Bad Food Photography

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When I was a kid, my mother bought a cookbook called The Illustrated Encyclopedia of American Cooking. The book contained thousands of simple recipes, each involving no more than ten ingredients. There were black and white photos of select dishes scattered throughout the pages, but every 150 pages or so, there would be a section of full-page color photographs. I used to love flipping through the color pages, looking at each dish and imagining what it was supposed to taste like.

I probably didn’t find every photograph to be mouth-watering but I did like most of it. I think that for the 1980s, it was decent food photography, even if some of the photos looked like they might have come out of the 70s or even earlier. I was also a kid, so I really didn’t know much about anything. As years passed I would occasionally pick up the book and flip through it, and over time I found the photos to be less and less appealing. The plating, styling, and use of ingredients looked dated, and the textures of the finished products made the food look wholly unappetizing. It was no longer food porn for me.

A few weeks ago I stumbled upon a hysterical website called The Gallery of Regrettable Food. The creator of the site, James Lileks, is an American journalist who has written several books on the comically bad side to life in decades past. In the gallery, he compiles small collections of food photography culled from cookbooks, magazines, and advertisements from the 40s, 50s, and 60s, and adds his own commentary. Each photo has a backstory invented by Lileks, giving you a full picture of the zany people (many of them clearly alcoholics) from bygone years who would have cooked and served food in such horrible ways to their equally horrible friends and neighbors. When I first found the site, I went through every single photo in one sitting and laughed the whole way through. The photos reminded me so much of the cookbook photos from my childhood, but with a modern day view of how awful they look, perfectly articulated with humor.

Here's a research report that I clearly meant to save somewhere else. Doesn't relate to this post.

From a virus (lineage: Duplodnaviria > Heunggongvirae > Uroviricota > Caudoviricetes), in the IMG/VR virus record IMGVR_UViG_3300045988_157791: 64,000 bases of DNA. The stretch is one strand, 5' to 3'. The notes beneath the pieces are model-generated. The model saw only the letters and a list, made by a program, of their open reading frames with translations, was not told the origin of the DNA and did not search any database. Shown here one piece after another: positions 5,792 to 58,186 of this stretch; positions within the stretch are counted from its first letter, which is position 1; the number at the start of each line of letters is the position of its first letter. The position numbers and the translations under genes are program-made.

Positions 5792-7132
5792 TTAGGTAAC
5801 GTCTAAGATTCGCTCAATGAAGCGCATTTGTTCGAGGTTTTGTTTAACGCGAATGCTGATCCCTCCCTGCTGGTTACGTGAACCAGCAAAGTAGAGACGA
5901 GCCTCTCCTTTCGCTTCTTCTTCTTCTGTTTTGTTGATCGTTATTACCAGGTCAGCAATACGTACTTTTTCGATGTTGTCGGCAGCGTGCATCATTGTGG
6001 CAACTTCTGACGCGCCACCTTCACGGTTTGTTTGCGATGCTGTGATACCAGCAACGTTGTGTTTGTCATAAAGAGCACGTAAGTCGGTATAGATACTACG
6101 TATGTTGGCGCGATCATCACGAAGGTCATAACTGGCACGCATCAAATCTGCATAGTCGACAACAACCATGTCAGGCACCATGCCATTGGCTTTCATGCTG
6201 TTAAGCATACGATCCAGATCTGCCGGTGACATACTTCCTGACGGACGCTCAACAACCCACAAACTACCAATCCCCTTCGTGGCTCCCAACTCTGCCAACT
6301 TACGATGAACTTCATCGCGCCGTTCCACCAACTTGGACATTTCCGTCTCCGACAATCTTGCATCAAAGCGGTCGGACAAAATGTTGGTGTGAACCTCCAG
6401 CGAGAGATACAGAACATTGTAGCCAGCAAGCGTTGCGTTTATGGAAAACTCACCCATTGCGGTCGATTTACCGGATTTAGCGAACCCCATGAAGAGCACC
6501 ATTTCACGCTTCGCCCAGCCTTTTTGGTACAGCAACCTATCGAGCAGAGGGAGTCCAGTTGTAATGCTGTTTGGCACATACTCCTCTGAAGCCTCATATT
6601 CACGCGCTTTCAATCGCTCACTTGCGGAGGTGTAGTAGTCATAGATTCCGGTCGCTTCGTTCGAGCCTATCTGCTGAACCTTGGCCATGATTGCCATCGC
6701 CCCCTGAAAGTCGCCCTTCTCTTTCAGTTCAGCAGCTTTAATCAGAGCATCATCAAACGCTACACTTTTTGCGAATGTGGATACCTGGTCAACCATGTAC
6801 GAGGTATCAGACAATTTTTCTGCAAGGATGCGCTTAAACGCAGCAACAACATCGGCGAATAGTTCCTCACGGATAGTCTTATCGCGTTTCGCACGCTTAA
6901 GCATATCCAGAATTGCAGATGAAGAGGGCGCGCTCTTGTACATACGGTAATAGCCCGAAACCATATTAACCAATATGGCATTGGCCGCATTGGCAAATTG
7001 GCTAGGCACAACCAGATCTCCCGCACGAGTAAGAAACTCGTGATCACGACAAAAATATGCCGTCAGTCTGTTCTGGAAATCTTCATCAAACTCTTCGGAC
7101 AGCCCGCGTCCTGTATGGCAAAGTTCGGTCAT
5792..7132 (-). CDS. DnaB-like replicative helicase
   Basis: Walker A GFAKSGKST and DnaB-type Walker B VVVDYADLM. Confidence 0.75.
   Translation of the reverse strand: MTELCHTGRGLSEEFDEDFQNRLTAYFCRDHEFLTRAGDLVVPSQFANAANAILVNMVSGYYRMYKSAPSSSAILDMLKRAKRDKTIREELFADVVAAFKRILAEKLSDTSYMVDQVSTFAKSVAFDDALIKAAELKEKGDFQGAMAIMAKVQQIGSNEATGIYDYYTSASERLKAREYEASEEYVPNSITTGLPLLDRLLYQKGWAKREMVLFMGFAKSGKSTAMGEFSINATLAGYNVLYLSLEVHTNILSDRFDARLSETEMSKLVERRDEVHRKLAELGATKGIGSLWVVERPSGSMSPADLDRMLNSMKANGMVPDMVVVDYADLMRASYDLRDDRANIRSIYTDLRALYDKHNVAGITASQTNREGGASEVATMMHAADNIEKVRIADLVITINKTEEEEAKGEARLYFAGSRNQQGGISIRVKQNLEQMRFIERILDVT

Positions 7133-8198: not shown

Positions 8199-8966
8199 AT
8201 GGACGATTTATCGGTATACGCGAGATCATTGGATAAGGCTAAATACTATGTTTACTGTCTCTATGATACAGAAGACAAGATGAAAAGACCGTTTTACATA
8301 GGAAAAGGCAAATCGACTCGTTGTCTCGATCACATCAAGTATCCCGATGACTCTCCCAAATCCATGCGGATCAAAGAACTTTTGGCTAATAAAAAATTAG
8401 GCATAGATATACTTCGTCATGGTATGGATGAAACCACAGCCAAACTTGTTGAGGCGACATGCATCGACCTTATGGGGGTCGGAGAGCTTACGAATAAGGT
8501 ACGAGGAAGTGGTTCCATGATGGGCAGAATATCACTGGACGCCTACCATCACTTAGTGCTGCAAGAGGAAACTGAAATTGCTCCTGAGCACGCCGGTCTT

This trip down bad food photography memory lane has got me wondering if the photos we see now that look so yummy and well staged will look downright disgusting and inedible in another forty years time. Or was that a trait unique to the era that Lileks focuses on? My hope is that photos from today won’t appear this bad. Here are some of my favorites from his collection:

I also loved reading The Unbearable Sadness of Vegetables and Meat Fisting At Home. In Lileks’ own words: You just have no idea what’s coming.


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